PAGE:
Even More on Antidepressants and Suicide

Just when you thought there could not possibly be any more to say about
the subject, given the uncertainties inherent in the area, there is yet
another study.  This one is from analysis of a large patient
registry in Finland.  A total of 15,390 patients were included
in the analysis, over a period of 3.4 years.  This study
confirms the finding that antidepressant use does lead to an increase
in suicide attempts.  It also finds that there is a decrease
in actual death from suicide, and a decrease in
overall mortality.


and the Risk of Suicide, Attempted Suicide, and Overall
Mortality in a Nationwide Cohort

Jari Tiihonen, MD, PhD; Jouko Lönnqvist, MD,
Kristian Wahlbeck, MD, PhD; Timo Klaukka, MD, PhD; Antti Tanskanen,
PhLic; Jari Haukka, PhD

Arch Gen Psychiatry. 2006;63:1358-1367.

Background  It is unknown
if antidepressant treatment is associated with either increased or
decreased risk of suicide.

Objective  To estimate the risk of
suicide, attempted suicide, and overall mortality during antidepressant
treatments in a real-life setting with high statistical power.

Design and Setting  A cohort study in
which all subjects without psychosis, hospitalized because of a suicide
attempt from January 1, 1997, to December 31, 2003, in Finland, were
followed up through a nationwide computerized database.

Participants  A total of 15 390 patients
with a mean follow-up of 3.4 years.

Main Outcome Measures  The propensity
score–adjusted relative risks (RRs) during monotherapy with
the most frequently used antidepressants compared with no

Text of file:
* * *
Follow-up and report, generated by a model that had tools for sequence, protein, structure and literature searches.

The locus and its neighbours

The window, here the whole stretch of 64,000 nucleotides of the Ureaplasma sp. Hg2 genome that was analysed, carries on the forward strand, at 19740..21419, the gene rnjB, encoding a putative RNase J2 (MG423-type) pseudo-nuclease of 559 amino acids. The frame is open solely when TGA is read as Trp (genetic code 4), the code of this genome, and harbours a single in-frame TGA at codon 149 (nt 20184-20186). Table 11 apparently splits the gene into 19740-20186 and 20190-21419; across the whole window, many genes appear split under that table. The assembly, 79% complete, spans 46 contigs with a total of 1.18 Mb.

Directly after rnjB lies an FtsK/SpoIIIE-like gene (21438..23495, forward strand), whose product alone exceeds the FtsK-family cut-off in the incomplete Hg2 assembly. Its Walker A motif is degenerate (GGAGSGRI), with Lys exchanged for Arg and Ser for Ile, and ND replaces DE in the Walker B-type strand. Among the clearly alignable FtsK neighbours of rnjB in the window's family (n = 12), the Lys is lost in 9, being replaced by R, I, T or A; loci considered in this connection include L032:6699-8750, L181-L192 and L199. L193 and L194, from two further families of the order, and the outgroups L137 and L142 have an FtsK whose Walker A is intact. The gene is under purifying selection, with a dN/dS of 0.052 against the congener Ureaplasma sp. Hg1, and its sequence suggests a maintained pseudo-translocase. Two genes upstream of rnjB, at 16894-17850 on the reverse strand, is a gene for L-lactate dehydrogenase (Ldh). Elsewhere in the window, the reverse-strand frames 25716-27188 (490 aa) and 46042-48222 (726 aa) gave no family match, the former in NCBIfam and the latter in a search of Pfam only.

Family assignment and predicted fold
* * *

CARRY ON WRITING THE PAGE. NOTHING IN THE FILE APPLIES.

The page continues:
antidepressant treatment.

Results  In the entire cohort, fluoxetine
use was associated with the lowest risk (RR, 0.52; 95% confidence
interval [CI], 0.30-0.93), and venlafaxine hydrochloride use with the
highest risk (RR, 1.61; 95% CI, 1.01-2.57), of suicide. A substantially
lower mortality was observed during selective serotonin reuptake
inhibitor use (RR, 0.59; 95% CI, 0.49-0.71; P<.001), and this
was attributable to a decrease in cardiovascular- and
cerebrovascular-related deaths (RR, 0.42; 95% CI, 0.24-0.71; P=.001).
Among subjects who had ever used any antidepressant, the current use of
medication was associated with a markedly increased risk of attempted
suicide (39%, P<.001), but also with a markedly decreased risk
of completed suicide (–32%, P=.002) and mortality
(–49%, P<.001), when compared with no current use of
medication. The results for subjects aged 10 to 19 years were basically
the same as those in the total population, except for an increased risk
of death with paroxetine hydrochloride use (RR, 5.44; 95% CI,
2.15-13.70; P<.001).

Conclusions  Among suicidal subjects who
had ever used antidepressants, the current use of any antidepressant
was associated with a markedly increased risk of attempted suicide and,
at the same time, with a markedly decreased risk of completed suicide
and death. Lower mortality was attributable to a decrease in
cardiovascular- and cerebrovascular-related deaths during selective
serotonin reuptake inhibitor use.

As always, one has to be cautious about drawing general conclusions
from this study.  It is limited to residents of Finland.
 It is limited to patients who had been hospitalized because